End of An Era: The Ford Fiesta
First launching in 1976 with the Mk1, the Fiesta has been a common sight on our roads for over 40 years. With the Cortina and Escort already household names, Ford saw a gap in the market for the supermini cars. Produced throughout Europe but largely in Ford's Dagenham factory, the Fiesta was deemed Ford's first internationally successful front-wheel drive car. It had a low purchase price and maintenance costs, making it the perfect car for working-class families. As 1983 approached with the launch of the Mk2, Ford had sold over 1 million Fiestas.
Over the proceeding years, the Fiesta continued to evolve both in physical design and mechanical engineering. The 1995-2002 Mk4 took on a sleeker design and the RS Turbo/RS1800 models were replaced by the Zetec S with a 100bhp engine. The Mk4 bears some similarities to the modern day Fiesta, as it was the last model to be produced at the Dagenham factory before it closed down in 2002.
Today, the Mk7 Fiesta originally launched in 2016 quickly became a market leader and one of the best selling cars in the UK. ST and ST Line models sustained the sporty and trendy look desired amongst many younger drivers. The introduction of the EcoBoost engine gave way for an eco-friendly and insurance-friendly engine that was cheap to run yet suitably powerful for motorway driving.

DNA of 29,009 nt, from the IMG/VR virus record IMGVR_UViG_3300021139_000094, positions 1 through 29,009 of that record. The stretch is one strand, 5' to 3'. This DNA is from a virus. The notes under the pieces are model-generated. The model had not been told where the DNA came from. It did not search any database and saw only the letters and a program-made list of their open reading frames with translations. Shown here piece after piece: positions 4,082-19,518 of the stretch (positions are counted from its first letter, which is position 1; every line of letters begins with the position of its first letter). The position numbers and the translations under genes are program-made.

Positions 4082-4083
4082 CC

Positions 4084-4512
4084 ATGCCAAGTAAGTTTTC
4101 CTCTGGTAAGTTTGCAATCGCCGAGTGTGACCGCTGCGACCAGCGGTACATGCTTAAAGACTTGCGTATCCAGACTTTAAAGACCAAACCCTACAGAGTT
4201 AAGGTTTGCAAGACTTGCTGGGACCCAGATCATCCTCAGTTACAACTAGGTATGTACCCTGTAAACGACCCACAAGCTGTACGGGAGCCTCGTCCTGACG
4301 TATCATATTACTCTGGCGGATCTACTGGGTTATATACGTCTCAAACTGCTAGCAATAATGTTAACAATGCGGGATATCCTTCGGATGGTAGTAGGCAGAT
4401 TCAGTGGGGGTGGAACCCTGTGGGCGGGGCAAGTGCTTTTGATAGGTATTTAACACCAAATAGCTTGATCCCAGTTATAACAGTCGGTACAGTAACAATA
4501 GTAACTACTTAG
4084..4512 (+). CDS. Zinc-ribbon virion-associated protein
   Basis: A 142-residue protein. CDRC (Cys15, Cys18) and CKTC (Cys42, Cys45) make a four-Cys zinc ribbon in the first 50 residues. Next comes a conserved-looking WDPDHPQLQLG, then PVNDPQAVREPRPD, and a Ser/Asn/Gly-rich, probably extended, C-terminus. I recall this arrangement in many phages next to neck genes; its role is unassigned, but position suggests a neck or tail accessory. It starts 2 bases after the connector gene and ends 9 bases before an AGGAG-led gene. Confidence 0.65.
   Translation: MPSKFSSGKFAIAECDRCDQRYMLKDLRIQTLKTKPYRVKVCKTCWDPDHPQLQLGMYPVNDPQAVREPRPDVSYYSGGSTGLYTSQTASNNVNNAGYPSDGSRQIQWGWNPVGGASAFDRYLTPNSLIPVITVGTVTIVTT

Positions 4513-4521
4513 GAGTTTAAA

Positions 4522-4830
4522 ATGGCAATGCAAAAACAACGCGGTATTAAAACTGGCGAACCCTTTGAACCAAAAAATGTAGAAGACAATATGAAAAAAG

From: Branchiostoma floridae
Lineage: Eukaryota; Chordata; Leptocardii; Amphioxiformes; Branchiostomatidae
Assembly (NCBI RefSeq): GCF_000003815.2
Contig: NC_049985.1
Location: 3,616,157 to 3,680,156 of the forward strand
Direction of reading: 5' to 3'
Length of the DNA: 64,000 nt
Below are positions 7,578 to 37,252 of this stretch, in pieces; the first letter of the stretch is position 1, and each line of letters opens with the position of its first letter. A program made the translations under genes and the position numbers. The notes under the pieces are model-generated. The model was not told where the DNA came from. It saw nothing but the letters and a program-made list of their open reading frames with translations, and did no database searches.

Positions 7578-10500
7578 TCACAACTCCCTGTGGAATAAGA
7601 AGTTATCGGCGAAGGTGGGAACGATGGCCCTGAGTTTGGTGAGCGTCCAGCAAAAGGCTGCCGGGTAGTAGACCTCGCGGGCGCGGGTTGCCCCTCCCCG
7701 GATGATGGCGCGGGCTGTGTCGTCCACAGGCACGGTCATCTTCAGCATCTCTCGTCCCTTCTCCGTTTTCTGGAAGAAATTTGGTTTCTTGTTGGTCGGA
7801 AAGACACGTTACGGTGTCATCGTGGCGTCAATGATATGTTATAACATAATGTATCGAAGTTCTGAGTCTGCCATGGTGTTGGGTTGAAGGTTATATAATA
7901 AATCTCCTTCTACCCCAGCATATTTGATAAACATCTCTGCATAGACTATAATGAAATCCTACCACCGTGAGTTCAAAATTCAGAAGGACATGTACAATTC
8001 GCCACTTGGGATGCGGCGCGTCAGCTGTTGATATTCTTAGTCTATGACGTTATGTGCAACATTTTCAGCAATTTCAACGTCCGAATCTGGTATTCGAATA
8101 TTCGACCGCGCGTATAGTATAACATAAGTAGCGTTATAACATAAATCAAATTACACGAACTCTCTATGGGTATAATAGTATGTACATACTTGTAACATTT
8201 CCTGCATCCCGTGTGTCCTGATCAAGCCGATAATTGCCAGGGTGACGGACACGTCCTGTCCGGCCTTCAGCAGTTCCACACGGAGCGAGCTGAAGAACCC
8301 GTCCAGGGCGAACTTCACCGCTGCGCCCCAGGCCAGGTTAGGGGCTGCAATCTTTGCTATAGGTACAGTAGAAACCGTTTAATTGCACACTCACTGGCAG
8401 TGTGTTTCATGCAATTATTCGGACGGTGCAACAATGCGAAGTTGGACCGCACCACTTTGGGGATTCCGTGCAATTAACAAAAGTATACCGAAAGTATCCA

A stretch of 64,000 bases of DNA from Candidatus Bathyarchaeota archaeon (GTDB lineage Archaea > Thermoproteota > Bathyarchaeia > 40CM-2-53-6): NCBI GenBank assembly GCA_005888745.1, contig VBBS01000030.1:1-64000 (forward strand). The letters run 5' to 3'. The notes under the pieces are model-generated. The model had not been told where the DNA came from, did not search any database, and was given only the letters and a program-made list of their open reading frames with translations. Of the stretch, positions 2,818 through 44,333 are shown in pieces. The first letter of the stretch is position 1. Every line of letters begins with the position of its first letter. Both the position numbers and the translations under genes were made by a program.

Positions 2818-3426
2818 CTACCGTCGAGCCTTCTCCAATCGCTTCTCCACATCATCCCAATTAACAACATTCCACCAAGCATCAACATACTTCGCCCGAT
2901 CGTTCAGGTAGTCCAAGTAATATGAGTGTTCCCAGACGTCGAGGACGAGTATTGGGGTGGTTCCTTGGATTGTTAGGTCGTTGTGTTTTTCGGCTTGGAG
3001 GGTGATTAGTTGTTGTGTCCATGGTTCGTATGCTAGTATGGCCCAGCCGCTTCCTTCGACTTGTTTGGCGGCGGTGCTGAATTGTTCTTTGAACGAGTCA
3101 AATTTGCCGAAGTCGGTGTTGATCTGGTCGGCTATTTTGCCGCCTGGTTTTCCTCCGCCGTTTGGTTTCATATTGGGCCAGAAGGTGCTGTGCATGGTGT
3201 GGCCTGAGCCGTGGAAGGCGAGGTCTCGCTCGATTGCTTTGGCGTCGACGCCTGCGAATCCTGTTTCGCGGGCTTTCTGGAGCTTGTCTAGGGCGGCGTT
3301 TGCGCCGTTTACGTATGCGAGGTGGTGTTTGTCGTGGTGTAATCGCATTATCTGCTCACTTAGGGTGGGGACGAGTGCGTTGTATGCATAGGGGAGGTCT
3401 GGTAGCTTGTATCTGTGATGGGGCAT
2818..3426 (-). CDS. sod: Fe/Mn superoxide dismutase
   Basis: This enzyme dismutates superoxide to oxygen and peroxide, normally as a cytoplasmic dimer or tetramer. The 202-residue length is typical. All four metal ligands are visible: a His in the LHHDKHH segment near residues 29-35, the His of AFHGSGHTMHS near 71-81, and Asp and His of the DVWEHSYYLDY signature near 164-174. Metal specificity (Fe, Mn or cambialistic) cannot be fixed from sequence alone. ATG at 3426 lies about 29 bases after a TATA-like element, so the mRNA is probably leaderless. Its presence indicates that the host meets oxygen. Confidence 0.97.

So why, when it has been so popular, stylish, and survived the test of time, have Ford decided to scrap the Ford Fiesta?
Out with the old, in with the new
By 2024, Ford plan to be producing and selling nine brand new all-electric cars as the world moves towards a green future. In December 2022, Ford told Autocar that the reason for scrapping the famous Fiesta was simply because they needed room in their factories for these new cars to be produced. Of the new cars planned, the Ford Explorer, an electric SUV, was key in the decision to dropping the Fiesta from Ford's line up. Ford have said that the production plant that was used to build the Fiesta will now be a plant to produce the batteries for the electric vehicles.
Fiesta production was hit hard during the Covid-19 pandemic and the subsequent shortage of semiconductor microchips that followed; in June 2022, production of the Fiesta was paused altogether due to the shortage of said chips, sparking a 6 month back log in production. At the same time, the popularity of the Ford Puma was rapidly gaining traction and as seen by many as the replacement of the Fiesta in the shape of a mini SUV crossover.
Interesting times are ahead for Ford, especially as there are plans to also halt production of the Focus by 2025.
As the final Ford Fiesta rolled off of the production line, all of the members of staff who had worked on its production commemorated the car by signing it. A fitting memorial to a world-famous piece of automotive history.